The return journey 

A bittersweet taste marked Erick's return. Not being able to fulfill his long-awaited American dream made him feel frustrated, almost ashamed and humiliated. His overwhelming sense of failure disappeared for a moment when, after almost a year and a half, he could finally hug his son. "Children grow up so fast," Erick thought. But the little boy was not the only one who had grown up in all that time; Erick had also gone through an enormous process of personal growth, and he had acquired an incredible strength.

Oh, and there was also the Honduran food. That really made his return happy!

It was not easy, it was not quick, but after a long path, on a day like today we can imagine Erick dealing with his daily tasks at his handicraft company in Honduras. His small family-run atelier became a company that sells its products nationwide: souvenir-type crafts that include a large sample of boats, helicopters and airplanes, all made of wood. It is a business that allows him and his family to live with better economic conditions than when Erick decided to venture to the United States.

His work activity was also able to flourish thanks to the help of the IOM (International Organization for Migration), which provided him with the necessary machinery for his work, and also to the CASM (Mennonite Social Action Commission), whose course on entrepreneurship strengthened Erick's management skills. The feeling of frustration that he experienced when he returned to Honduras has been transformed step by step into a feeling of satisfaction and happiness a he saw his business growing and gained greater confidence in himself, in his talent and ability. The training courses and the support provided helped him through a difficult process of return and reintegration, and empowered the young migrant on his return home.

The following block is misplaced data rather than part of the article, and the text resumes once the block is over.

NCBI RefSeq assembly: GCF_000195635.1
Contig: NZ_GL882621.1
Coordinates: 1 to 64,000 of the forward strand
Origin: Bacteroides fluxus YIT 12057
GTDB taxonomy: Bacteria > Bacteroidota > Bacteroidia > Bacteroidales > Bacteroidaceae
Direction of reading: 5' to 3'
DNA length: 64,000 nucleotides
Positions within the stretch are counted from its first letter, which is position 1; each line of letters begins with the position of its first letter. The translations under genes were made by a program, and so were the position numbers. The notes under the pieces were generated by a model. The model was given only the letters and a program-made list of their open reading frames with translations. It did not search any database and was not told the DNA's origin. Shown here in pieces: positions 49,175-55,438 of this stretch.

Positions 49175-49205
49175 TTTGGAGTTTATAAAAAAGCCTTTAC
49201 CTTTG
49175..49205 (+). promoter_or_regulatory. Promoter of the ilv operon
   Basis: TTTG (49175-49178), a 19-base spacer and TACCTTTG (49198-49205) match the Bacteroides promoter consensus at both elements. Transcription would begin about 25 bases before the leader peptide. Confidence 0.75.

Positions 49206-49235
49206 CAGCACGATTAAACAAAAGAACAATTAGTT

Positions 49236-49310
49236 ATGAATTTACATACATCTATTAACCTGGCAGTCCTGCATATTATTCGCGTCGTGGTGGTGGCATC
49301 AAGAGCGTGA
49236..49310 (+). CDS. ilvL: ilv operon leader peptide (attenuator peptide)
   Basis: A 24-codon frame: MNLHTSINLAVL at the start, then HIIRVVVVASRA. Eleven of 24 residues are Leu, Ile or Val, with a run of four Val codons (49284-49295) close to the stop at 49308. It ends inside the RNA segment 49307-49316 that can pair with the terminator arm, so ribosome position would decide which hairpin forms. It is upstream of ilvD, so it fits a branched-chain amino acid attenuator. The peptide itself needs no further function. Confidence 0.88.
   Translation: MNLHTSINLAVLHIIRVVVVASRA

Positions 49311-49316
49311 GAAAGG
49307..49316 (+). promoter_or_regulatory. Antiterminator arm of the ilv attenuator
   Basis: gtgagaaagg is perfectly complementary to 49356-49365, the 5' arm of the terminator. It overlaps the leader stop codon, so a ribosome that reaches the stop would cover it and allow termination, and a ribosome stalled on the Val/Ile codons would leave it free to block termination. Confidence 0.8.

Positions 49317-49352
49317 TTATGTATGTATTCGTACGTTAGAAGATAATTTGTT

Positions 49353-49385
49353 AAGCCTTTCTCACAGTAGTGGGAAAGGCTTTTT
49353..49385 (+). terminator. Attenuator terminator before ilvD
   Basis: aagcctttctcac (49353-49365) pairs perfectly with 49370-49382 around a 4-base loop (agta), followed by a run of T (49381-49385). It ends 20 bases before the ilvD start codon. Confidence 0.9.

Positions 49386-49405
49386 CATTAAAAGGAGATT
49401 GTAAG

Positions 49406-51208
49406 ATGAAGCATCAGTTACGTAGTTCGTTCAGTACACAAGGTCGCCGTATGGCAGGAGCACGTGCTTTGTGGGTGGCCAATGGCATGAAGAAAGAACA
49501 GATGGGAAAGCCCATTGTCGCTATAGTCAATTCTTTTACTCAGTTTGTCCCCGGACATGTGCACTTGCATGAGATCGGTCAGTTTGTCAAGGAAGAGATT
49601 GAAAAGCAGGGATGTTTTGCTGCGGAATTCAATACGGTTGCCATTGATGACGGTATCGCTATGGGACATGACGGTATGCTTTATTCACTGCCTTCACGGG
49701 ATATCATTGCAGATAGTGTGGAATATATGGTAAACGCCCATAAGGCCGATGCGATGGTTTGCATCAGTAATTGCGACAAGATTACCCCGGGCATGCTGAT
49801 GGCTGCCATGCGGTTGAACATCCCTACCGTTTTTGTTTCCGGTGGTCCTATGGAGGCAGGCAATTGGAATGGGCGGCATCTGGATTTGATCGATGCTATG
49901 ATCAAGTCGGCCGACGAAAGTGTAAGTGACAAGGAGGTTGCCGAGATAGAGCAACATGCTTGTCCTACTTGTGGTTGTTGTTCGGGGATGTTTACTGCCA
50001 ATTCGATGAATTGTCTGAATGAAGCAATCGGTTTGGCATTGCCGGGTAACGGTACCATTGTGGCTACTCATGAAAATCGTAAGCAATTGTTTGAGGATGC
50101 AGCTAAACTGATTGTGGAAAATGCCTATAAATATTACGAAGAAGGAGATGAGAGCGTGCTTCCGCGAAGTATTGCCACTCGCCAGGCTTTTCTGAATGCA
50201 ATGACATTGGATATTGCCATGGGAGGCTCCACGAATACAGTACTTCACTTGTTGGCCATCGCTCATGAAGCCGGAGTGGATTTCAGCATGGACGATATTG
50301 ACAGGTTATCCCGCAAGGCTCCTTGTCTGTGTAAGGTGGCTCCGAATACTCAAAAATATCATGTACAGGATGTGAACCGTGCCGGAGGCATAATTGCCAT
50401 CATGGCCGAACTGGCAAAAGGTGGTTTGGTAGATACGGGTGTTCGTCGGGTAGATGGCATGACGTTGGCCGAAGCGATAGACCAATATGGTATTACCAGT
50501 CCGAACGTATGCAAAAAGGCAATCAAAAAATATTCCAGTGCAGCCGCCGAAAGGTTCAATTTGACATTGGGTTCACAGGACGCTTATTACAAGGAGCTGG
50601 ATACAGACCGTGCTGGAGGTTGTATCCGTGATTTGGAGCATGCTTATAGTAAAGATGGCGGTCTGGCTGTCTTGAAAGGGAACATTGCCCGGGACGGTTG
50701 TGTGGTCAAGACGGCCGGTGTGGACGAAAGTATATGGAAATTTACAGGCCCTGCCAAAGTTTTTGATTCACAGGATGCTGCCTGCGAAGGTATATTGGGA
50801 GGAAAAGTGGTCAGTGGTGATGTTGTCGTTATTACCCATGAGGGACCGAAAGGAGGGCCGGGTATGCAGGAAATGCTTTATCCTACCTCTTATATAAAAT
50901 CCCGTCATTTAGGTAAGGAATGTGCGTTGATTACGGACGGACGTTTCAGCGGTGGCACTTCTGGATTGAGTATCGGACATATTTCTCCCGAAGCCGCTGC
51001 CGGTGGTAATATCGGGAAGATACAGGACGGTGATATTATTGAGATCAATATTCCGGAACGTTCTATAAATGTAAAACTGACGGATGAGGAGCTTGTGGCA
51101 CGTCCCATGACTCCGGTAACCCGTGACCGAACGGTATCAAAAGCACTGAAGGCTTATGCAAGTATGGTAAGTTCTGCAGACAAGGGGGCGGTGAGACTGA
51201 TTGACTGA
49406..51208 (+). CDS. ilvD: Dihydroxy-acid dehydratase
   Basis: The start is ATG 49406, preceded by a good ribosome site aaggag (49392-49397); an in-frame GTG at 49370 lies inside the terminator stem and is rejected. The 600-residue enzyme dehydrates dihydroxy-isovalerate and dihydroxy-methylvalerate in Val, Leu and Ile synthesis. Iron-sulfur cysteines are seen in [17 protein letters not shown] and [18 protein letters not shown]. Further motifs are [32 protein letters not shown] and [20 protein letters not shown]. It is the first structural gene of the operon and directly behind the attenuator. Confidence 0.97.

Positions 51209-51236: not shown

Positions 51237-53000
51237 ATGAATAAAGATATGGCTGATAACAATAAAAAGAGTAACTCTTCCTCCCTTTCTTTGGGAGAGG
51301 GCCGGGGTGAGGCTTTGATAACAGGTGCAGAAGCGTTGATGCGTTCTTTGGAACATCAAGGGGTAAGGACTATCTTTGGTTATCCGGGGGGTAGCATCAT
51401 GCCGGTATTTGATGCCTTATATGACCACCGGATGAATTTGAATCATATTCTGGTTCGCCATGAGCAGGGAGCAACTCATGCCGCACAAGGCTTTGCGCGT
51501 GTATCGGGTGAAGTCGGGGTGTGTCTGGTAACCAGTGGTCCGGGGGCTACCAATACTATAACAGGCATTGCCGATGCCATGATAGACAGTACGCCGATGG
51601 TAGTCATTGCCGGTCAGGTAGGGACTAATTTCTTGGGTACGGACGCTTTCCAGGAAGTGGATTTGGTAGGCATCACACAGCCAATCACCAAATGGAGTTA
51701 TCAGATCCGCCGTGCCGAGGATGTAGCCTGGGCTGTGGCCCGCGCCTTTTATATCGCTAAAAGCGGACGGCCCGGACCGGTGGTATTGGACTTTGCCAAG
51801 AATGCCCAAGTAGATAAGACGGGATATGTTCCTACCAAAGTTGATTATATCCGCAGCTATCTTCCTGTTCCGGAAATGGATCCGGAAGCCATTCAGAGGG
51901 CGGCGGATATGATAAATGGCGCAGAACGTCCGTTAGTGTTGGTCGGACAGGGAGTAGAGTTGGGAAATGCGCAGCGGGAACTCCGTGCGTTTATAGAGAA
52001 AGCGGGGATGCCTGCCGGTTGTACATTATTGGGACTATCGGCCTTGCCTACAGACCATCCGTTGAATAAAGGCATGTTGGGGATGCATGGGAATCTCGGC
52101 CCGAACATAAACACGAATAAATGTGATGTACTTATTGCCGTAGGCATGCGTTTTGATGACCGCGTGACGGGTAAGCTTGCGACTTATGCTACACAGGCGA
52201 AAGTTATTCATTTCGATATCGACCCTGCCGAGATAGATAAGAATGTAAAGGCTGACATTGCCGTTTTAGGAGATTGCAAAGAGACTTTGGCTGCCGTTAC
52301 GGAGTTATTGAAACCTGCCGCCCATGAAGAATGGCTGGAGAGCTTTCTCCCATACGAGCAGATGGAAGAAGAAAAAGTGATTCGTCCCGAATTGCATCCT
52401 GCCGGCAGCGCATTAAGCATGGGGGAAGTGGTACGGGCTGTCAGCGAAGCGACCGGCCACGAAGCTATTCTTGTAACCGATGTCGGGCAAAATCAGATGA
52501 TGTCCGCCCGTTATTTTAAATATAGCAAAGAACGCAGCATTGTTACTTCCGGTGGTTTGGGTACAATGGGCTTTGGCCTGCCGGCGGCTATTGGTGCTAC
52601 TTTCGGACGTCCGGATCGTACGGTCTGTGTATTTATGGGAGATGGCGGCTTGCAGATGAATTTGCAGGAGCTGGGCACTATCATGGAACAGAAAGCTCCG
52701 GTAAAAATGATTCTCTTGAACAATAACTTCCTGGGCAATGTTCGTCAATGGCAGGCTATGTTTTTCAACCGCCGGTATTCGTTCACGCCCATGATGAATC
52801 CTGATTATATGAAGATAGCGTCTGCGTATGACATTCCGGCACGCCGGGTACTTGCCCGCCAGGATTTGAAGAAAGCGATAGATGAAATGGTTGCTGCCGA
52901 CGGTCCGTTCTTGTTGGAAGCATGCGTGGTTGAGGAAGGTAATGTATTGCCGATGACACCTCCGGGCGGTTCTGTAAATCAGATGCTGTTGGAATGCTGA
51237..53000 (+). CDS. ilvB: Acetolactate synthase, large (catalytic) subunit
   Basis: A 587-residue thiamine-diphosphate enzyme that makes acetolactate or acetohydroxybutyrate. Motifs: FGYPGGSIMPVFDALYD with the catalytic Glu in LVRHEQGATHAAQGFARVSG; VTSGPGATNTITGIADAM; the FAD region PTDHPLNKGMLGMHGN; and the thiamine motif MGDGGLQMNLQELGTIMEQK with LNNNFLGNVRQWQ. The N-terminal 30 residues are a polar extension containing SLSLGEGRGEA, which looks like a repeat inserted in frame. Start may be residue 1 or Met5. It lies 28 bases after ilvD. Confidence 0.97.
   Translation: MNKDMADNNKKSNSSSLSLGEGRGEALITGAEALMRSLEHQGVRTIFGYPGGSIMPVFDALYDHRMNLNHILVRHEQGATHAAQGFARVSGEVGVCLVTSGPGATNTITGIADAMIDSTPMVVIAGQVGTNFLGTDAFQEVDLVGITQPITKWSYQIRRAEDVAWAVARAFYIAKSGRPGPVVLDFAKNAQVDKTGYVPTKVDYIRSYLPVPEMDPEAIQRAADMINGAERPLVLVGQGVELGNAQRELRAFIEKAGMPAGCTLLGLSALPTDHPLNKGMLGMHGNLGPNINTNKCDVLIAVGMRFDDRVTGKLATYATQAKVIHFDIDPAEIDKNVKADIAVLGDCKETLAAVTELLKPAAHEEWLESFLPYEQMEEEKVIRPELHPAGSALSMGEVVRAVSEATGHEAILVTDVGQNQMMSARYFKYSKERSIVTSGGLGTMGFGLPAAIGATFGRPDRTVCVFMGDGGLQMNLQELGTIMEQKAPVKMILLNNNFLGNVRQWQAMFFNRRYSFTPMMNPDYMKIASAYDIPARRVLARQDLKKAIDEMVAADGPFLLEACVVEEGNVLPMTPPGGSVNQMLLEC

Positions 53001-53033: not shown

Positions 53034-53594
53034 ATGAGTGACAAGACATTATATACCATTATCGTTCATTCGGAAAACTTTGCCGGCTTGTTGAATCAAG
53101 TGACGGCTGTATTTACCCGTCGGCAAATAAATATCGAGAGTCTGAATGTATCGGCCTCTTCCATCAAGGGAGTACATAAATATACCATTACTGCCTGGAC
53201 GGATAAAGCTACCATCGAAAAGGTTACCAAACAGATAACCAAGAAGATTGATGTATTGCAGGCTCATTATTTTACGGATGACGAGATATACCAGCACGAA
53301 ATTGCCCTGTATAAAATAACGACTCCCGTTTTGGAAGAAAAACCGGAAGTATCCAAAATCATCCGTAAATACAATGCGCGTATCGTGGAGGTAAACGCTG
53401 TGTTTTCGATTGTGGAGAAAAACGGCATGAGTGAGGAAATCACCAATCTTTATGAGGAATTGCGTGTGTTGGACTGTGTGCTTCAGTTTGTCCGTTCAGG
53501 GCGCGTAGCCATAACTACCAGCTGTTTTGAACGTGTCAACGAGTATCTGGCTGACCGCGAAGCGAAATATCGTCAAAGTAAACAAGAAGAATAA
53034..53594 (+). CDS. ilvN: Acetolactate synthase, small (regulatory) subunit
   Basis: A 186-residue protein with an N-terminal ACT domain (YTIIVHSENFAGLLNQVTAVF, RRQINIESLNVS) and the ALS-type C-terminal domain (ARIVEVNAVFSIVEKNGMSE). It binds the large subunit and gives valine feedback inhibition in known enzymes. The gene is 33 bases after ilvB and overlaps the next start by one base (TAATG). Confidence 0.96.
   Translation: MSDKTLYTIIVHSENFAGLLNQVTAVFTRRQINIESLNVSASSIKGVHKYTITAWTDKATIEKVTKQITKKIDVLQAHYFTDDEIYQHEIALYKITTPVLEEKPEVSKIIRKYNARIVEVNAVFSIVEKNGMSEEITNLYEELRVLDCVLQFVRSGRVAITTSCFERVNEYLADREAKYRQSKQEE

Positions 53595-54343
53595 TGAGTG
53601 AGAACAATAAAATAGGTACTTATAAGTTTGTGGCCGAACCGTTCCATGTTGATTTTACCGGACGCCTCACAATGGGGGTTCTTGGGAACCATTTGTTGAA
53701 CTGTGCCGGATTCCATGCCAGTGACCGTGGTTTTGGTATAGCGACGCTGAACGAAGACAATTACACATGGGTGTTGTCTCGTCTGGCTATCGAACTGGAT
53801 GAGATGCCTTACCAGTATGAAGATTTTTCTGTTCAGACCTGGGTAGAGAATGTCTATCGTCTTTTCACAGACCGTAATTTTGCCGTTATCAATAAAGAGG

Erick was able to build his economic subsistence and his professional fulfillment in Honduras, and among so many complex and unfortunate stories, this is a story with a happy ending. Even so, from time to time, he cannot help but daydream, thinking about what it would be like to travel to the United States again, this time legally, and stay there, even just for one day: to eat at a different restaurant and buy a thick winter sweater.